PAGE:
Old fashioneds and manhattans and toddies, oh my! Whiskey is found in many iconic and classic cocktails every bartender knows how to make. It’s no surprise that this bar cart essential is as versatile as it is complex. Both firewater enthusiasts and the spirit-curious can find a whiskey cocktail they love. This is just a short contemplation of our favorites so far.
There’s no need to stop with the glass—from truffles to barbecue, the ways to eat whiskey are just as wonderful as dinking it. (Just ask our friend Matt Jamie, founder of Kentucky’s Bourbon Barrel Foods!) Join the whiskey pros from world-class labels at the upcoming Whiskey After Dark in Charleston to sample more of what the world of whiskey drinks has to offer.
Our Favorite Whiskey Creations
There’s nothing better than an old fashioned. You can make it with scotch, figs, and even bacon bitters. Like extra cherries in your old fashioned? Just add in cherry juice. Trying to beat the heat? There’s a frozen riff just for you. Basically, we’ve seen countless on the versatile cocktail and it offers endless ways to customize it to your preferences.
This particular recipe is the base for Kursten Berry’s fall riff on the classic cocktail. Her sweet potato old fashioned gives the typical old fashioned, an earthy, sweet taste by using a sweet potato simple syrup to turn it into a seasonally ready, fall old fashioned. If you can’t get enough, be sure to try Tiffanie Barriere’s fall-forward maple syrup riff.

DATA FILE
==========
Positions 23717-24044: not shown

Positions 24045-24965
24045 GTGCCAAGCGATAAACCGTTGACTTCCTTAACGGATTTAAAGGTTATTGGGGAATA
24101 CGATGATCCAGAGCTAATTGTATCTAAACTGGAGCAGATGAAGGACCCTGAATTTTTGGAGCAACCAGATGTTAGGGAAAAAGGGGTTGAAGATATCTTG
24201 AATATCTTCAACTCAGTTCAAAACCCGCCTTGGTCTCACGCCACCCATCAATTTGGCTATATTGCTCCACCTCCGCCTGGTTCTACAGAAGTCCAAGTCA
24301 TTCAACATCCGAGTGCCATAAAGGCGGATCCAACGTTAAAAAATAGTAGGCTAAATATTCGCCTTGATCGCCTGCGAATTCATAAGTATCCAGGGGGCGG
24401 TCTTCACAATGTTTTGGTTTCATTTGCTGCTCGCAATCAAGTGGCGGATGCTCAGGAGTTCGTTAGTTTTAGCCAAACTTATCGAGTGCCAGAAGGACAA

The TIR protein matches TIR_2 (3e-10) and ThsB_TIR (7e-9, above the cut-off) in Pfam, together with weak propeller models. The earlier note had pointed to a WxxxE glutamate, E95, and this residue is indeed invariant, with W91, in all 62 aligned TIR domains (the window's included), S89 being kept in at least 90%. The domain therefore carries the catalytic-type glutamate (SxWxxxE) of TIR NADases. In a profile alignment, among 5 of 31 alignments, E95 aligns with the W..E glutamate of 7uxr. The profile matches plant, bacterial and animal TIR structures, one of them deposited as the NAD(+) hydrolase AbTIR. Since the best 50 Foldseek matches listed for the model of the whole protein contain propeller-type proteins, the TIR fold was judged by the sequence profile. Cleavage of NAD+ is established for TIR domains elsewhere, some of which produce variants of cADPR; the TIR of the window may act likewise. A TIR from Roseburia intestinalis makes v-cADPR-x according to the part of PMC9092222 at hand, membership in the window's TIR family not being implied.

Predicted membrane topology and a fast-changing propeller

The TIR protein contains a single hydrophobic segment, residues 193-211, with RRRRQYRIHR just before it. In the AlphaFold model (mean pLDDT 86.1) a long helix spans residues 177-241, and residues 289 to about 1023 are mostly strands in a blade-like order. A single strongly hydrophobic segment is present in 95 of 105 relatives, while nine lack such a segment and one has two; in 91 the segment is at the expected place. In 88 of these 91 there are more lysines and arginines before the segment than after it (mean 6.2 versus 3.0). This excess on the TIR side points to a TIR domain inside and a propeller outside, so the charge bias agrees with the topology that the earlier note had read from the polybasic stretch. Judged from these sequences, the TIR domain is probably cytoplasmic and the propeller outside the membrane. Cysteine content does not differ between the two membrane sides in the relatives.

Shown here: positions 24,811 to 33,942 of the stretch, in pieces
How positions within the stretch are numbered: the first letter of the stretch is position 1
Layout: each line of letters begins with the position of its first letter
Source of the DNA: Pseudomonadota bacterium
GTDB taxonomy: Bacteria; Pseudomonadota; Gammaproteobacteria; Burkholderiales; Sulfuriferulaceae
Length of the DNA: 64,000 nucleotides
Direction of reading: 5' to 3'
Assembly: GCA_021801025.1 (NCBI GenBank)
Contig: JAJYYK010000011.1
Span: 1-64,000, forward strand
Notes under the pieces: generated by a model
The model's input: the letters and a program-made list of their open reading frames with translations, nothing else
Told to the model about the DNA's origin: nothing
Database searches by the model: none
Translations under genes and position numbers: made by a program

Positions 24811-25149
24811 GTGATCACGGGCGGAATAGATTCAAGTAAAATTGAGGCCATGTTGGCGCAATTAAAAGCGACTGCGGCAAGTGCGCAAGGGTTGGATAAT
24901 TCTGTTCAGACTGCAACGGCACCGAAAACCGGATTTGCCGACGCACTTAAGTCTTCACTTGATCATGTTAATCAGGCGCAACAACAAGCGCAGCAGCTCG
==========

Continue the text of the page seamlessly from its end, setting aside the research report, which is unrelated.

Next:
This spirit-forward drink from Coopers’ Craft is the bourbon-lover’s version of a negroni. Don’t forget to try their lighter version, golden boulevardier, and their full-bodied fall version, imperial boulevardier.
This drink from Jack Rose Dining Saloon’s cocktail mastermind, Andy Bixby is sure to please any whiskey lovers. This cocktail is sweet, rich, and fruity. Go for Bixby’s Jumpin’ Juleps and manhattan riff for more bourbon delights.
Use bourbon to jazz up your usual glass of Southern sweet tea with this cocktail from Big Bad Breakfast in Charleston. This drink switches up sweet tea with a mix of Woodford Reserve bourbon and mint.
Looking for something to beat the heat? This bourbon drink, based on the perennial favorite piña colada, adds a molasses-rich demerara syrup, vanilla extract, and fresh nutmeg to create a richer flavor profile better suited to mixing with bourbon.
Warm up by the fire and cure your sore throat with this winter classic. The original hot toddy cocktail recipe from Charleston’s Cocktail Club is a traditional concoction with lemon, scotch whiskey, cinnamon, and honey. If you’re in the mood for something more seasonal, the hot grogg, the cider toddy, or a cedar toddy will do the trick.
Not too sure about whiskey? The highball, a classic whiskey drink in late-1800s America, used soda to please the liking of Europeans who commonly drank brandy and cognac. The highball is a simple cocktail and a great way of introducing whiskey to those unaccustomed to drinking it. Virgil Kaine’s Ginger Infused Bourbon allows for this highball riff to receive an extra hint of vanilla with dried apricot, ginger, and sherry notes. Adding a fresh-squeezed lime to finish off the two-ingredient refresher, the ginger highball is a drink meant to share conversations around.
Did we mention that whiskey is really versatile? This decadent desert proves that whiskey belongs in more places than just your glass. Share this pudding with your loved ones Thanksgiving alongside rye whiskey cranberries. If you love the maple-whiskey combination, bookmark these maple pudding pops with whiskey crème fraîche and smoked pecans for when you need to keep cool!